It is vital that organizational leaders understand the distinction between organizational identity and organizational culture.
Organizational Identity is the visible and public dimension of an organization. It is captured by what is included in its public documents, websites, and public forms of communication.
Organizational Culture is the deeper essence of the organization, often present at the unseen or unconscious levels of organizational life. In his book Organizational Culture and Leadership, Edgar Schein argues that organizational culture is essentially “…the accumulated shared learning of a given group” and “its pattern of shared, taken-for-granted basic assumptions.”
With this distinction of organizational identity as a public dimension and organizational culture as a sometimes unseen dimension, I use the iconic metaphor of an iceberg to capture this thought and distinction. Leaders who are only paying attention to the organizational identity that is above the waterline might inadvertently collide with the underlying organizational culture. Leaders must pay attention to both dimensions—both above and beneath the waterline.
Leaders must not only be aware of and communicate the public identity of their organization, they must also be aware of how this stated identity is either ALIGNED OR MISALIGNED with the actual organizational culture.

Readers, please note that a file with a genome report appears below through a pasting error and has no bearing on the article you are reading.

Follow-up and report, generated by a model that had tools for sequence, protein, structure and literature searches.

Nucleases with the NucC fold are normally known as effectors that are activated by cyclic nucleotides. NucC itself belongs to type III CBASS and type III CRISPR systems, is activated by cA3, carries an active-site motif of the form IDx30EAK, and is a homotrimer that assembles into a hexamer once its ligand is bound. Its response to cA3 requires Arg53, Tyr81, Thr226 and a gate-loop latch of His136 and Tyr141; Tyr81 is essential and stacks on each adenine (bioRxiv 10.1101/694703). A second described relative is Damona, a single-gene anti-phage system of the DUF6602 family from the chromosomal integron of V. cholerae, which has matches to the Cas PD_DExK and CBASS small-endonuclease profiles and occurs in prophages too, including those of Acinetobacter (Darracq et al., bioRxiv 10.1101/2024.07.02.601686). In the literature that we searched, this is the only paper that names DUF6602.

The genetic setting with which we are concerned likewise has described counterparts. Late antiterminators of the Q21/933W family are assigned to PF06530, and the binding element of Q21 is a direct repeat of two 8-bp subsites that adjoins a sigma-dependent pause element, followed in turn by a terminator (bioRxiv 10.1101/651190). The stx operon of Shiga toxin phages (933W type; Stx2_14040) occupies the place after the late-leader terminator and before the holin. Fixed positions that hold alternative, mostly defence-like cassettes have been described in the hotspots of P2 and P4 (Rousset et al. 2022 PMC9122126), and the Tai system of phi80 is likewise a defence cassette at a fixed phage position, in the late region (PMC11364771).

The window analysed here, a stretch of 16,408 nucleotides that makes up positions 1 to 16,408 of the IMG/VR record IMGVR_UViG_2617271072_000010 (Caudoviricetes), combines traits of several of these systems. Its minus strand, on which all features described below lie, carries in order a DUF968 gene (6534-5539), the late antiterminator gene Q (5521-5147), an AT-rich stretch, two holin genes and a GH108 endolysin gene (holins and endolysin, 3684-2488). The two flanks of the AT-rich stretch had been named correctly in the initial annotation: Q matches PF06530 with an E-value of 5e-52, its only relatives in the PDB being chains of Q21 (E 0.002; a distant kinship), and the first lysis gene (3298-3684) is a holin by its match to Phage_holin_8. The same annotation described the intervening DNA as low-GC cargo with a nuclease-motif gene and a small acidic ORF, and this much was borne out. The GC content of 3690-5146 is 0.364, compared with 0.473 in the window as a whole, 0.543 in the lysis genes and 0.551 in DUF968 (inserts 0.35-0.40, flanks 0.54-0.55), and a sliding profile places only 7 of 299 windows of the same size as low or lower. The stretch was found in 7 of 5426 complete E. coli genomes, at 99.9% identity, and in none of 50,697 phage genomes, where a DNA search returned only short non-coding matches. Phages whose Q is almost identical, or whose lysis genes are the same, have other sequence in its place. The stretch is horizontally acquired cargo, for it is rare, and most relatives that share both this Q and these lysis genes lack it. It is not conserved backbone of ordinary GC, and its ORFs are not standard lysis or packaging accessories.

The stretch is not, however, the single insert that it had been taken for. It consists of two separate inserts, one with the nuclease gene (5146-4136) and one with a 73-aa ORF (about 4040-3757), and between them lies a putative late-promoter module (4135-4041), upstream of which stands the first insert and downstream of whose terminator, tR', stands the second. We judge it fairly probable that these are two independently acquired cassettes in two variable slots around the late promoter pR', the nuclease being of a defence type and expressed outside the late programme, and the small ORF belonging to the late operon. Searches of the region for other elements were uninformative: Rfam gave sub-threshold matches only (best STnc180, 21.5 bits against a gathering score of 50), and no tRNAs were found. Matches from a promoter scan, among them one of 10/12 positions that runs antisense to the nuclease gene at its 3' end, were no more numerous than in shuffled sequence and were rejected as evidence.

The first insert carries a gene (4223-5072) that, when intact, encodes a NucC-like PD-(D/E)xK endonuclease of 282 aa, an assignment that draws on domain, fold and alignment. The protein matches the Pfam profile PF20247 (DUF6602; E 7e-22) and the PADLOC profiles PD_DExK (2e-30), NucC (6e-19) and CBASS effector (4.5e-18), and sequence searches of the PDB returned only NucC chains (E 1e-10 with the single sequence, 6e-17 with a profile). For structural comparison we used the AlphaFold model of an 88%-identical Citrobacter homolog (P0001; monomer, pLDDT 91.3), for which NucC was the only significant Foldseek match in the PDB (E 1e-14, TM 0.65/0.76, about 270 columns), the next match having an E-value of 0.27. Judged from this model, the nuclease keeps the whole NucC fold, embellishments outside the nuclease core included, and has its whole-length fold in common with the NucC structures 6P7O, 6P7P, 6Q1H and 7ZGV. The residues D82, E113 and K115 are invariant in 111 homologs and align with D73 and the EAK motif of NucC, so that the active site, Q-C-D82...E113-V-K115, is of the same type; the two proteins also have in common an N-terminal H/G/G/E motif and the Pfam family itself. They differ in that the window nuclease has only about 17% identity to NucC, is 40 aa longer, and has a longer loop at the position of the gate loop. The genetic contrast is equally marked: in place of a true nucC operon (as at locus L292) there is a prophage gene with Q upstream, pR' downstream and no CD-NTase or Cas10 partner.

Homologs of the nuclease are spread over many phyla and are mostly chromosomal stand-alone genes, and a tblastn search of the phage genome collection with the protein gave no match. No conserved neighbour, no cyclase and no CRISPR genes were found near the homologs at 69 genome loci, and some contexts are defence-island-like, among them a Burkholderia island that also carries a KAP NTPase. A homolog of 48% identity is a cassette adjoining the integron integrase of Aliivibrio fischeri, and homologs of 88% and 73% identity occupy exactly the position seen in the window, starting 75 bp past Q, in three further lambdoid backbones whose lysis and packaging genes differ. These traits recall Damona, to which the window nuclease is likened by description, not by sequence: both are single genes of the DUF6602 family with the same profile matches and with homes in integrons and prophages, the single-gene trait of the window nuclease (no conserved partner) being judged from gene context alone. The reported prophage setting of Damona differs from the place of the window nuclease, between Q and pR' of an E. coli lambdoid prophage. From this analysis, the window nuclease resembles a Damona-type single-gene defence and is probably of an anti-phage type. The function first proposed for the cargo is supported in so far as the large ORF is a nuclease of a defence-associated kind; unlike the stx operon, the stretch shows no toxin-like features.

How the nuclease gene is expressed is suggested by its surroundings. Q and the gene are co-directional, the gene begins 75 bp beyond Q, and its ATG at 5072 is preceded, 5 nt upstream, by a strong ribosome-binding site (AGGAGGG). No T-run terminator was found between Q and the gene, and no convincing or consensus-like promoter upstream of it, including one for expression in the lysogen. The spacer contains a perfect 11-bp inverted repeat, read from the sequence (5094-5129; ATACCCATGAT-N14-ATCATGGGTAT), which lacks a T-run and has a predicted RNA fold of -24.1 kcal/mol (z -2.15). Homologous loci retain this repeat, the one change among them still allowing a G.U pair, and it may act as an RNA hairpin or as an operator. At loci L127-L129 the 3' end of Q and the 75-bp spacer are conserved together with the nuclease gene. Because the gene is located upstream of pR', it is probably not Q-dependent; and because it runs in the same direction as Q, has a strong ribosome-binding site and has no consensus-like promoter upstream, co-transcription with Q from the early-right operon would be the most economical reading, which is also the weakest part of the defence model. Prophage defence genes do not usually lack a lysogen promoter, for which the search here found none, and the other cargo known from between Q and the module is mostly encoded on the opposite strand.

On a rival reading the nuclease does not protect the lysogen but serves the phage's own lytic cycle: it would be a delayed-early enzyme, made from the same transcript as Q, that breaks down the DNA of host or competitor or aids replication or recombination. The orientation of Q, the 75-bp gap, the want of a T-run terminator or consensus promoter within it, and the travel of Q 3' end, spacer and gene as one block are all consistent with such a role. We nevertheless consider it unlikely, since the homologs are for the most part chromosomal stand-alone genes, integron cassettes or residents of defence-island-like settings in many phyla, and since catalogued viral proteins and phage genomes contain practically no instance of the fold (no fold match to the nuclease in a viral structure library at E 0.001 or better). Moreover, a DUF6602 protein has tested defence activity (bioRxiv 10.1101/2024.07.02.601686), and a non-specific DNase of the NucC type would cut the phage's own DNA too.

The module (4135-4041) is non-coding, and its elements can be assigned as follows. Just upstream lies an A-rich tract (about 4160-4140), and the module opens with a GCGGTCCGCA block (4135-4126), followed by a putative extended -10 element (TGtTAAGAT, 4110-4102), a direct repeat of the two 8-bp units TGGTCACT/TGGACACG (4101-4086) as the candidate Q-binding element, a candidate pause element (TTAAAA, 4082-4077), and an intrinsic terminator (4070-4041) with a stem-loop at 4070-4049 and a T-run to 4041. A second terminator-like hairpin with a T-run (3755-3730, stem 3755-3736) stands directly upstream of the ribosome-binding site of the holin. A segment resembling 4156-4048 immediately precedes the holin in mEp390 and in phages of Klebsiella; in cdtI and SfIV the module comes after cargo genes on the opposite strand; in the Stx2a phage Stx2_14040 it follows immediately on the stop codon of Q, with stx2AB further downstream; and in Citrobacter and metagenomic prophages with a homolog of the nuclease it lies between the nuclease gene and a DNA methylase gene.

Organizations sometimes assert organizational identities that are more aspirational than actual. In one sense, this is helpful. We want to strive for improvement as individuals and as organizations. The leadership danger, however, is when the gap between aspirational identity and actual culture is unseen by the core leaders of the organization.
As leaders, we need to raise our awareness of where organizational identity and culture are aligned and where they are misaligned. Where there is alignment, let’s celebrate and tell the story. Where there is misalignment, let’s lead our communities toward our organizational aspirations with visionary determination.
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